How Does A Lump-Sum Settlement Affect Social Security Disability?

Published on: April 17, 2023

If you are receiving Social Security Disability Insurance (SSDI or SSD) or Supplemental Security Income (SSI) benefits and you receive a lump sum settlement, it can affect your benefits in a few different ways.

Disability Experts of Florida have extensive experience assisting Social Security Disability and SSI benefits when they expect a substantial lump-sum settlement from a personal injury lawsuit or other legal settlement. It is essential that the settlement documents are prepared with the disability recipient’s benefits eligibility in mind. If not planned properly, the settlement could jeopardize the person’s ability to continue getting Social Security Disability or SSI benefits.

Before finalizing any civil or judicial settlement negotiations, make sure to contact a qualified attorney who is familiar with Social Security regulations and has experience preparing settlement language and trusts when necessary. At Disability Experts of Florida, our team includes a former judge with decades of experience dealing with these issues.

Here Are Some Of The Key Things To Keep In Mind:

1). Impact on SSI Benefits: If you receive SSI benefits, any lump sum settlement you receive will be counted as income in the month that you receive it. This means that it could reduce your SSI benefits for that month or even eliminate them entirely if the settlement is large enough.

Every individual case is different, but many SSI recipients who get large lump sum settlements find that setting up a Special Needs Trust to receive the settlement serves the dual purposes of protecting their eligibility for benefits and allowing them to use the settlement funds to pay for uninsured medical care, home modifications to make their living quarters more accessible, pay for education, travel, and even entertainment.

SSI benefits eligibility is based on the claimant’s financial needs. The needs-based eligibility is determined by the individual’s income and available financial resources. To be eligible for SSI benefits in 2023, an individual can have no more than $2,000 of “countable” resources. There are exceptions for situations where a child is disabled, or the household has more than one disabled individual.

Unless appropriate steps are taken to prepare the settlement agreement with a view to its impact on the person’s SSI eligibility, a large lump-sum settlement would likely cause the recipient to be ineligible for SSI until the money was no longer available.

2). Impact on SSDI Benefits: If you receive SSDI benefits, a lump sum settlement will not affect your ongoing monthly benefits. However, if the settlement is for back pay (i.e., benefits that you were entitled to but did not receive while your claim was pending), it could cause an overpayment if you already received benefits for the same period of time. The Social Security Administration (SSA) will typically subtract the overpayment from your lump sum settlement.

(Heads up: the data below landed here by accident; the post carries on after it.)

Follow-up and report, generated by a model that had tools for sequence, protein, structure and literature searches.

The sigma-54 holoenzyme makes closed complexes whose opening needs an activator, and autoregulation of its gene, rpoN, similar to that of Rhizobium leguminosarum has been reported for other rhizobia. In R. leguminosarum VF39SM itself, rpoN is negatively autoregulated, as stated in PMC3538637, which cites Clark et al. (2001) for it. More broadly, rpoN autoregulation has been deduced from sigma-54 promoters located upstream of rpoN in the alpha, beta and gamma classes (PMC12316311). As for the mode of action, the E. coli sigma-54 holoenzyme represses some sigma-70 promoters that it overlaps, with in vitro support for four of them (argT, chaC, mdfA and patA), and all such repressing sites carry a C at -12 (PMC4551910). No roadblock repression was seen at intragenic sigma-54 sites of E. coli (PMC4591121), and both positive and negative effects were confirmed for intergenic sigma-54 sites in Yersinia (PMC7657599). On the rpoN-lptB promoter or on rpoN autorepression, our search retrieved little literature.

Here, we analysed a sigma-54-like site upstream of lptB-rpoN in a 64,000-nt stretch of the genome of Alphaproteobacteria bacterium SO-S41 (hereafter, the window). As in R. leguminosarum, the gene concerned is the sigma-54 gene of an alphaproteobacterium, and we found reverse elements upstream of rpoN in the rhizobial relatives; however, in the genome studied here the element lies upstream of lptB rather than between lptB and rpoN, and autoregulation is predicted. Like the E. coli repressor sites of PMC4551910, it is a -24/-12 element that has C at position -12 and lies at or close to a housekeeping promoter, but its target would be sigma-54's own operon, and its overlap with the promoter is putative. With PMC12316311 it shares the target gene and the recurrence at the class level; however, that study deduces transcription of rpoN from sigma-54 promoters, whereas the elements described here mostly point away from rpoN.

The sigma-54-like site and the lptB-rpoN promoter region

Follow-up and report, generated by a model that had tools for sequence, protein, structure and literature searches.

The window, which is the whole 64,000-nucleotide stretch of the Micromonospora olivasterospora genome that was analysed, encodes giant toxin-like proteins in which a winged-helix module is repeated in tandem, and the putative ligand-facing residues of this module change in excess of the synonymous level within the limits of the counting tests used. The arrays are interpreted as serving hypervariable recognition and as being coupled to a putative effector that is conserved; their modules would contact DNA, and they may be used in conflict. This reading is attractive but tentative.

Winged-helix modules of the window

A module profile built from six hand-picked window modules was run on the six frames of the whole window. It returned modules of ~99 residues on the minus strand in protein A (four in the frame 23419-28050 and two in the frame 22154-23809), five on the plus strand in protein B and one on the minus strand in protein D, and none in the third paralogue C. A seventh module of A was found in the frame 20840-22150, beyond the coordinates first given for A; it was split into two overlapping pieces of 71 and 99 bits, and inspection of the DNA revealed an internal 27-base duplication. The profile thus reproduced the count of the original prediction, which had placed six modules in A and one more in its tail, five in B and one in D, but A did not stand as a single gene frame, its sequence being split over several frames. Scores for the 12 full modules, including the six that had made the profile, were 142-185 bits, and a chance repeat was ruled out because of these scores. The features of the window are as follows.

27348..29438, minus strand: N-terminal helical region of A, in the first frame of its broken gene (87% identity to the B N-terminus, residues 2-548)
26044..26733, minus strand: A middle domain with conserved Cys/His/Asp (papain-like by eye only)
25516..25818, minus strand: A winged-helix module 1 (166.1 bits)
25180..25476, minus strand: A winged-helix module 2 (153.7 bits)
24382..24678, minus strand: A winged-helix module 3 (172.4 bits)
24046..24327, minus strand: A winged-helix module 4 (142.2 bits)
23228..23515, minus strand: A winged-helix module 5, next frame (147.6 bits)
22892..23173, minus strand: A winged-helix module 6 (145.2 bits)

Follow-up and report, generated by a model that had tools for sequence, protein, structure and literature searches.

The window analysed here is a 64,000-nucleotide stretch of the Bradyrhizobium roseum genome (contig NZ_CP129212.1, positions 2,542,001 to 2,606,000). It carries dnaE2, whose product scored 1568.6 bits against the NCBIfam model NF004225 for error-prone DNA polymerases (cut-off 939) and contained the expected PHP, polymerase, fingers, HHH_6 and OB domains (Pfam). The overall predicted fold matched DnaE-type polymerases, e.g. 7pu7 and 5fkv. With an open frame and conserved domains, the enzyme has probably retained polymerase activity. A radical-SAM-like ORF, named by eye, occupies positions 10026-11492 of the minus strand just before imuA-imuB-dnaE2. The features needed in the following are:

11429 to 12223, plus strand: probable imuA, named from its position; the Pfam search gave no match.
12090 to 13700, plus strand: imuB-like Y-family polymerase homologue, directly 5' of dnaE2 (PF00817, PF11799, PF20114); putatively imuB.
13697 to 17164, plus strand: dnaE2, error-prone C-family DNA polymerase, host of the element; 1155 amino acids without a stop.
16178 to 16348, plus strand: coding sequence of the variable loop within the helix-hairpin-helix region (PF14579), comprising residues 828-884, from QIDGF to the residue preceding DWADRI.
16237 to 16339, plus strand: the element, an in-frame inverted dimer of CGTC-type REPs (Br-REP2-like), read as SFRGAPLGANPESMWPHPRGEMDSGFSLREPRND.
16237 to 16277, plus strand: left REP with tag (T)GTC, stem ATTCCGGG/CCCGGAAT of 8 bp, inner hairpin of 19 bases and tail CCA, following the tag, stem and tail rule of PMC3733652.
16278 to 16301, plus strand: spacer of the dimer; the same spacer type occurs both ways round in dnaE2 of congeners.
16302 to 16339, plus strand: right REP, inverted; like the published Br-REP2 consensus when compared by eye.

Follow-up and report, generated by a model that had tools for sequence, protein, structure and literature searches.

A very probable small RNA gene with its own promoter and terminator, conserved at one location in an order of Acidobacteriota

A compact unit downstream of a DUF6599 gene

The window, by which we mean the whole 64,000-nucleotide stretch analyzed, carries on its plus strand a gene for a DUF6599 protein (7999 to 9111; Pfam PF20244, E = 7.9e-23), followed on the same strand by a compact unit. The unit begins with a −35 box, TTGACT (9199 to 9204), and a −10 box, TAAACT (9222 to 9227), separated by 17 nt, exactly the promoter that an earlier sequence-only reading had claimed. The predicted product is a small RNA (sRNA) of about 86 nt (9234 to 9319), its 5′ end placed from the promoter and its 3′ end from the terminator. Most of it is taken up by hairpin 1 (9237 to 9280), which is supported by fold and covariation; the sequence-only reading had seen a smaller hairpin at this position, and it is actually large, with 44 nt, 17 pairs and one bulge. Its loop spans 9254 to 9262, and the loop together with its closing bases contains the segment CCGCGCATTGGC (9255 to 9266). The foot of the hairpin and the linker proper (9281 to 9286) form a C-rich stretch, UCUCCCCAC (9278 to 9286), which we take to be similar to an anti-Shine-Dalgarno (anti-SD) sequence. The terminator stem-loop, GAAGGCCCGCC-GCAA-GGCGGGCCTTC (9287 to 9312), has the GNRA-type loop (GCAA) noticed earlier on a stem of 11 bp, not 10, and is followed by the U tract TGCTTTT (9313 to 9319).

There are legal strategies to ensure that your settlement terms clearly identify the nature of any money covering compensation for lost wages and state when those wages would have been earned. If the settlement clearly provides for the money for wages to cover the rest of the claimant’s working life, then the amount of the wages attributable to any single month would be minimized, requiring less of an offset in benefits.

Again, it is important to get reliable legal advice from a qualified legal professional to guide you through these issues. Disability Experts of Florida can help.

3). Reporting Requirements: Reporting any lump sum settlements to the SSA as soon as possible is important. Failure to do so could result in an overpayment, which you may be required to repay.

Why Are SSDI Benefits Unaffected by Lump-Sum Settlements? 

As explained above, the only effect large lump-sum settlements have on SSD benefits relates to the portion of the settlement representing lost wages. That’s because the recipient’s monthly SSD benefits are intended to compensate them for the lost earnings. The SSA does not permit a recipient to receive double compensation, so if wages are compensated in a lawsuit settlement, the government wants their benefits covering those same wage periods to be returned.

But otherwise, an SSD beneficiary’s monthly income is unimportant to the SSA. Unlike SSI benefit recipients, SSD benefits are not based on need. Instead, SSD benefits are payable to eligible workers and former workers who paid payroll or self-employment taxes into the Social Security System over many years.

Each SSD recipient’s amount is based on their 35 highest income earning years. Those incomes are indexed (adjusted for cost of living) and then calculated to determine the average annual indexed income. Then, the annual income is divided once again to determine their Average Indexed Monthly Earnings (AIME).

Once the AIME is determined, the figure is put through a formula. The resulting final figure is the Primary Insurance Amount (PIA). That’s the amount you receive in SSD benefits each month. The same formula is used to calculate your Social Security retirement benefits.





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